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9 Things I Learned from My First Difficult Conversation
Did you know 35 percent of managers would rather skydive for the first time than address a problem with their team at work? That’s according to the Centre for Effective Dispute Resolution.
Effective leaders must know how to conduct difficult conversations with employees. Because of the common perception that conflict at work is bad, it’s no surprise that so many leaders shy away from having these discussions.
Jemma Garraghan, a consultant with The Ken Blanchard Companies don’t know that she’d ever want to jump out of an airplane, but recently she had her first difficult conversation with a direct report. She knew if she didn’t address the problem, things could escalate and become worse than they already were—but knowing that didn’t make the task any easier. This was new ground and she felt uncomfortable. But because she knew how important it was, she took a deep breath, closed the office door, and had the discussion.
Now, having made it to the other side of that conversation with the working relationship still intact, she wants to share 9 things she wish someone had told her to help her prepare for the experience.
Don’t let fear hold you back
Before resolving to have that necessary yet uncomfortable conversation, she found herself silently seething about issues she could have easily done something about. Looking back, she know this wasn’t healthy for her or for her working relationship with the team. Her regret is that she held off taking action because she didn’t want to be seen as overstepping the mark—especially because she was new to the team.
Manage your emotions and preconceptions
Many people have worked in environments where emotions had to be left at the door. In fact, she got in trouble at a previous job when she came to work in tears after being in a car accident! As human beings, sometimes it isn’t possible for us to hide our emotions—particularly if they are strong or have been stewing for some time. A challenging conversation is more likely than others to become emotional. What starts as annoyance may escalate into sadness, frustration, or even anger. If you notice this starting to happen during a difficult discussion, as the leader you must manage your own emotions, be professional and mindful of the direct report’s feelings, and keep things under control. Remember, the other person deserves respect—even if you disagree with what they say.
Preparation is key
When a challenging conversation is necessary, take time to plan how you’re going to open the discussion and approach the subject, as well as what you want the outcome to be. Jemma found that making a few notes and having them for reference helped her remember her key points and kept the conversation from veering off topic—so don’t be afraid to use notes.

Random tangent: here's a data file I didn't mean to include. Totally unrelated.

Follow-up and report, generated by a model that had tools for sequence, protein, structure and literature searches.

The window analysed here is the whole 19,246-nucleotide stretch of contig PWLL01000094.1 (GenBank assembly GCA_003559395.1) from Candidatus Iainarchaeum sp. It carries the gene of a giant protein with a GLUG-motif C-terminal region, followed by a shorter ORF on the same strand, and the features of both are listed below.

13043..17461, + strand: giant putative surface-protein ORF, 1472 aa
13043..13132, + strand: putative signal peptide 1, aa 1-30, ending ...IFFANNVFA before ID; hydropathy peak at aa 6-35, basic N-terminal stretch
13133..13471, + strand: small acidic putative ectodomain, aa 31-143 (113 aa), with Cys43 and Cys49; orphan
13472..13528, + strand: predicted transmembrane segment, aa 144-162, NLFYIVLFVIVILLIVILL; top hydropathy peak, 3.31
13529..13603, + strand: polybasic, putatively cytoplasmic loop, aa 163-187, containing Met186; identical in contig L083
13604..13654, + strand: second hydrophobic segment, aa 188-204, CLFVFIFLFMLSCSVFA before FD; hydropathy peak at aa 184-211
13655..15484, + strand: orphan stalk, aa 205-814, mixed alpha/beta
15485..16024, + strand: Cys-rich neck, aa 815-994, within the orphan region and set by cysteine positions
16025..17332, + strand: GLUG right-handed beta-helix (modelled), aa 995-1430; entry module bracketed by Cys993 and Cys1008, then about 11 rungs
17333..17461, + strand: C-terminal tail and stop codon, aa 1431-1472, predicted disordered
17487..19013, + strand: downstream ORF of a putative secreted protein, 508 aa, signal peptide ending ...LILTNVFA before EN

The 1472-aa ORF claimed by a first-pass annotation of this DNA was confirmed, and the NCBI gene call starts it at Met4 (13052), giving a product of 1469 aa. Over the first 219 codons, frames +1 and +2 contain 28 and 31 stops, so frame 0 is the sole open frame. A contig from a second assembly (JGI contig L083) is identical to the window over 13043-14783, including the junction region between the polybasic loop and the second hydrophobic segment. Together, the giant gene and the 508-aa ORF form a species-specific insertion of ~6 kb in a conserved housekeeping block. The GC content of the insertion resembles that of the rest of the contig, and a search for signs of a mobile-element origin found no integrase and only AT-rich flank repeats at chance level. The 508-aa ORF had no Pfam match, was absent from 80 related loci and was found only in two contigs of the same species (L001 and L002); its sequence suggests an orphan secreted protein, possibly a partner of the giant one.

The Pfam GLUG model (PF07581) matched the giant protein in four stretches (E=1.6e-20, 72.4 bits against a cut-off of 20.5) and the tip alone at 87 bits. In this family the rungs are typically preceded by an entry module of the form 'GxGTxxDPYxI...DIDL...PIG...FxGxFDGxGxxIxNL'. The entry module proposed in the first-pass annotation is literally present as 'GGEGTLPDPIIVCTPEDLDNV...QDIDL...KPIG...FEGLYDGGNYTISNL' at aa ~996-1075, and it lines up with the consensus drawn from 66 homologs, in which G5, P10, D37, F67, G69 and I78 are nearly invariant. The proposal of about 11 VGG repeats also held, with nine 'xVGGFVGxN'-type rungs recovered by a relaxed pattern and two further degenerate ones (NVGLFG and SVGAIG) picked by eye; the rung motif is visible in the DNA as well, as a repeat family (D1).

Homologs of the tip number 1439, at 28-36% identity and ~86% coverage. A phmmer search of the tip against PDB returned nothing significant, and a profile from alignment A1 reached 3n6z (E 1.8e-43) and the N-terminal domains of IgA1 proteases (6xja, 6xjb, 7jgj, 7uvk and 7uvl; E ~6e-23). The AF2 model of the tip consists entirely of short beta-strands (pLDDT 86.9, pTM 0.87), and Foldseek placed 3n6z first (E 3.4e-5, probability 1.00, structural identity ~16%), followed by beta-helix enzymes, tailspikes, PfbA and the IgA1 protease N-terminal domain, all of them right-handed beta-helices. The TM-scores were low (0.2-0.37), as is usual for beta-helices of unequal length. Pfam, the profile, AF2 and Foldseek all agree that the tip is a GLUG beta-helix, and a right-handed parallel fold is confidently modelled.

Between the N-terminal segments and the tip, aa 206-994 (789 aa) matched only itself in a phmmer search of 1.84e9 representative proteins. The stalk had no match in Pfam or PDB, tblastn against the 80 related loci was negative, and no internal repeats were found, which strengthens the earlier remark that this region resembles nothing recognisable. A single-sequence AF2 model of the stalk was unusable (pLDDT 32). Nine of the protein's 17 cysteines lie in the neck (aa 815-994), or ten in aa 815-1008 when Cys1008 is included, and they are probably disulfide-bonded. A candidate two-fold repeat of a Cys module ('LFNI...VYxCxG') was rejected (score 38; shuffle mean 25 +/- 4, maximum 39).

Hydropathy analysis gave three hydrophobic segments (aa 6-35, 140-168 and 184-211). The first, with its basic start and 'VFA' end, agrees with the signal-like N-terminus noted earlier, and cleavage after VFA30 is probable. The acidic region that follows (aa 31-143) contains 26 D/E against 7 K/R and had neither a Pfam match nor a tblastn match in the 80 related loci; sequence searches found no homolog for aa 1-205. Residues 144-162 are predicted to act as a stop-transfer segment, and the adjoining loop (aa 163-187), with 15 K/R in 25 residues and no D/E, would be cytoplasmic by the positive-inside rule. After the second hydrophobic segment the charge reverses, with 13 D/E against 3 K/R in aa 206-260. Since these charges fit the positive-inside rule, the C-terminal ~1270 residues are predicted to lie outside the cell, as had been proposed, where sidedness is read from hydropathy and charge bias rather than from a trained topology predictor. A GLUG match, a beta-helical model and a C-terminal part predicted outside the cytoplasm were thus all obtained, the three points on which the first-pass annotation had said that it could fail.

It’s important to open the conversation with the exact topic and behaviours you need to address. This allows the conversation to move forward and clarifies the reason for the meeting.
Imagine the ideal outcome for the conversation. Focus your notes on everything that needs to be covered and the meeting is more likely to come to a successful conclusion.
Keep things friendly, relaxed, and conversational
Jemma asked some of her close friends with leadership experience what they would do to make a difficult conversation more successful. The resounding answer was “Have tea or coffee, and biscuits.”
If this is the first time you have had a particular conversation, it should be informal, relaxed, and conversational. Talk to your direct report as a friend, not as their manager. This first discussion is about raising the other person’s awareness and nipping the situation in the bud. It’s about redirecting, not reprimanding.
Ask the right questions
Ask open-ended questions—ones that require more than just a yes or no answer. You might find that the issue is not as straightforward as it seems. Also, this gives the person a better chance to express their viewpoint and maintains a relaxed atmosphere.
It’s all very well and good to ask the right questions, but it’s useless unless you are giving your full attention to the responses coming from the direct report. Listen with the aim of understanding. If you don’t understand, ask clarifying questions.
Cooperate, support one another, and agree on how to move forward
The final part of your conversation should be positive. Work together to learn how you can best offer support to your direct report and what specific behaviours of theirs need improvement going forward. If necessary, set up another meeting to review progress.
It might not be as bad as you think
Generally, people want to do well. Team members want to achieve and to do the right thing. Don’t underestimate the human need to succeed and to be liked. You may find that your direct report didn’t even realise their behaviour was off track. Often, poor performance or misbehaviour is a result of misunderstanding and not intentional.
Get higher level support
You don’t have to do this on your own. Ask someone at a higher management level if you can go to them when you have questions or need support in this area. Knowing someone has your back can work wonders, especially when it comes to gaining the confidence you need to have challenging conversations. The person doesn’t need to participate in the discussion, only to be available to give guidance when you need it.
Telling a direct report they are not meeting expectations is not an easy task but is an important part of leadership. Use these tips to help you tackle those all-important conversations with team members—no skydiving involved—as soon as problems arise. You will gain the respect of your team members by showing them you won’t shy away from conflict when a challenging conversation is necessary.
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First published on Blanchard LeaderChat
9 September 2016